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Aromatherapy

Aromatherapy is a complementary therapy that uses essential oils from plants and flowers. Designed to treat the whole body, aromatherapy aims to assist the body’s natural abilities to heal, rest and recover from stress and illness. Aromatherapy has been used for hundreds of years and research into its uses continues to grow.
Aromatherapy is now one of the most popular forms of complementary therapy. Essential oils are used with the hope of treating and preventing illness, as well as encouraging rest and relaxation. For this reason, aromatherapy is especially beneficial for stress-related concerns like headaches, insomnia and anxiety.

Aromatherapy is now being recognised in the science world and is listed on The NHS Directory of Complementary and Alternative Practitioners. It has gained steam in palliative care and is increasingly used alongside conventional treatment. Research into its effectiveness is encouraging and continues to grow. If you have a health care cash plan you may be able to claim money back from your treatments

As an aromatherapist I can target the cause of stress and create a personal plan (and suitable concoction of essential oils) for you.

How does it work?
Aromatherapy typically works in two different ways, through sense of smell and through skin absorption into your bloodstream. Many essential oils contain anti-inflammatory properties and may be applied to the skin to fight infection or relieve pain. If you suspect an infection, it’s important to consult your GP first. Perhaps the most common use of essential oils on the body, however, is through aromatherapy massage.

Aromatherapy Massage
During a massage, essential oils are added to a carrier oil to dilute the mixture and massaged into the skin. An aromatherapy massage usually lasts between one hour and 90 minutes. The oils used will be tailored to suit your specific requirements.
Aromatherapy massages are incredibly relaxing, bringing together the powerful benefits of both aromatherapy and massage.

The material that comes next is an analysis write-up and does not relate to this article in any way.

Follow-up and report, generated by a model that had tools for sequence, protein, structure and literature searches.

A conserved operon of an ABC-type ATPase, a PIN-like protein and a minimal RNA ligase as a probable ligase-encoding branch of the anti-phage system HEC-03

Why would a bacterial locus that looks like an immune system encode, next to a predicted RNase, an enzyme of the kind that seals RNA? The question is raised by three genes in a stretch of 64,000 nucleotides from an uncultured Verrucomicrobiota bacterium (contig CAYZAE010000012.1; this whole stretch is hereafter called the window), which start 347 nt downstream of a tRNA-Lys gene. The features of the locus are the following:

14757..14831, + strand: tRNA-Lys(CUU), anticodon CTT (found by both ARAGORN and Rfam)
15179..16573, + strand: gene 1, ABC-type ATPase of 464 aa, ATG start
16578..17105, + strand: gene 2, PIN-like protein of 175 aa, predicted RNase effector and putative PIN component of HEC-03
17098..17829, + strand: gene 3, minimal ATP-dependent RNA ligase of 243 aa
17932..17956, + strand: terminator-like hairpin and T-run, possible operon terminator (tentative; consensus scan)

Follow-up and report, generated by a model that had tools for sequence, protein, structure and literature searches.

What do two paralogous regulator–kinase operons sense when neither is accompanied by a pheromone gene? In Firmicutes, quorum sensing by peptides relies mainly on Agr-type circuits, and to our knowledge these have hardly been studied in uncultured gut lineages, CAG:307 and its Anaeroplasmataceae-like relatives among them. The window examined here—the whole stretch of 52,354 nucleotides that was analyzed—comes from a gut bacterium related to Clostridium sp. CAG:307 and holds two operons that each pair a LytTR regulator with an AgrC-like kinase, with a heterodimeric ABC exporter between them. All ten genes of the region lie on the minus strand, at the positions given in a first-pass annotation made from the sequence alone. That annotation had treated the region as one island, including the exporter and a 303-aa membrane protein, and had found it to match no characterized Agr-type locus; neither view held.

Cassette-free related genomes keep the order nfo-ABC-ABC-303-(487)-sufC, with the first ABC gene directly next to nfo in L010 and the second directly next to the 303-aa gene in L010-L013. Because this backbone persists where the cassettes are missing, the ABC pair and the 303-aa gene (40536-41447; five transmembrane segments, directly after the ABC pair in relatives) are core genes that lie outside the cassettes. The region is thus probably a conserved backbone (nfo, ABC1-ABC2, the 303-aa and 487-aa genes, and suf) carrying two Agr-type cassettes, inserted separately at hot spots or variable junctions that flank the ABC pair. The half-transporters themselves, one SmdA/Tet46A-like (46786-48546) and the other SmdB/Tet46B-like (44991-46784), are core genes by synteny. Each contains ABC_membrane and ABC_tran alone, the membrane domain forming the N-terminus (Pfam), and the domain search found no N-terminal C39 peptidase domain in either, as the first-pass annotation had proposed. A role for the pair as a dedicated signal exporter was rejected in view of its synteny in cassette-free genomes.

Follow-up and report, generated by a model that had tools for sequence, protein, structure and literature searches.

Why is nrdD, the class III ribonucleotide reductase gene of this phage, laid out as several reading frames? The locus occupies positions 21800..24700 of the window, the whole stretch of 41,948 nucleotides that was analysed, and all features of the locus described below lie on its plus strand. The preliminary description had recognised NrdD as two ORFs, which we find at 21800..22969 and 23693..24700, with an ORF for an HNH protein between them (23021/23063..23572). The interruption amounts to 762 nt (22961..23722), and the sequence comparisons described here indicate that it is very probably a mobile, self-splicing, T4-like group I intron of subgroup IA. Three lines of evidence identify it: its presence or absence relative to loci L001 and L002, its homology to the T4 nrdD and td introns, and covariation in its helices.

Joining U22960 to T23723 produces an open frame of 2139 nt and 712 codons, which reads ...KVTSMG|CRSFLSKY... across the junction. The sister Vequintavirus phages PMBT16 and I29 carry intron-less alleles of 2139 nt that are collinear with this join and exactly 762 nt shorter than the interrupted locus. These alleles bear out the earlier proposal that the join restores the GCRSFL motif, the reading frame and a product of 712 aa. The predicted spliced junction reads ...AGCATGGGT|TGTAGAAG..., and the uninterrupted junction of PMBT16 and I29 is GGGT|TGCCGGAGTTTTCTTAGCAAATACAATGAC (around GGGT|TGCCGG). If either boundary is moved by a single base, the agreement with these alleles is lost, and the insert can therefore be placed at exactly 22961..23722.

Psychological and physical benefits:

Psychological benefits
  • Can help to lift mood (physical touch boosts our happy hormones).
  • Promotes relaxation, reducing stress and improving your sense of well-being.
  • Reduces nervous tension (our bodies hold a lot of psychological tension when we’re stressed, so releasing this can be helpful).
Physical benefits
  • Stimulates the body’s immune system, protecting itself from illness.
  • Eases muscle tension (making you feel more relaxed and soothing aching muscles).
  • Encourages lymphatic drainage, helping to reduce fluid and toxin build-up.
  • Boosts circulation (helping blood and oxygen circulate the body to promote healing).

What can aromatherapy help?
The therapeutic qualities of essential oils are thought to ease stress, boost the immune system and encourage overall well-being. The evidence for its effectiveness varies and often further research is required, however, there are several conditions aromatherapy is thought to help with, including:

Stress - Certain scents can trigger a relaxation response in the brain. When combined with massage especially, it can help to reduce feelings of stress. Understanding the cause of your stress and increasing self-care practices can help you keep on top of stress.

Anxiety - Studies have found that aromatherapy can have a positive effect on those living with anxiety. As a complementary therapy, it is best used alongside other therapies such as talking therapy.

Insomnia - Many people find aromatherapy a helpful aid for sleep. Burning a relaxing scent in your home or adding essential oils to a warm, evening bath can help prepare your body and mind for sleep.

Dementia - The interest in the effects of aromatherapy for conditions such as dementia continues to grow. Research into the therapy revealed many benefits and the National Institute for Health and Care Excellence (NICE) suggests it may help treat feelings of agitation in those with dementia.

Chronic pain - Aromatherapy is thought to be especially helpful for easing any chronic pain-related anxiety. If the pain is muscular, a massage using essential oils may be helpful. As with any new therapy, please consult your GP before starting.

Cancer - Aromatherapy may help to reduce pain and anxiety for those with cancer in the short-term. According to Cancer Research UK many people with cancer turn to aromatherapy. It appears to make patients feel happier and more able to cope with the changes happening.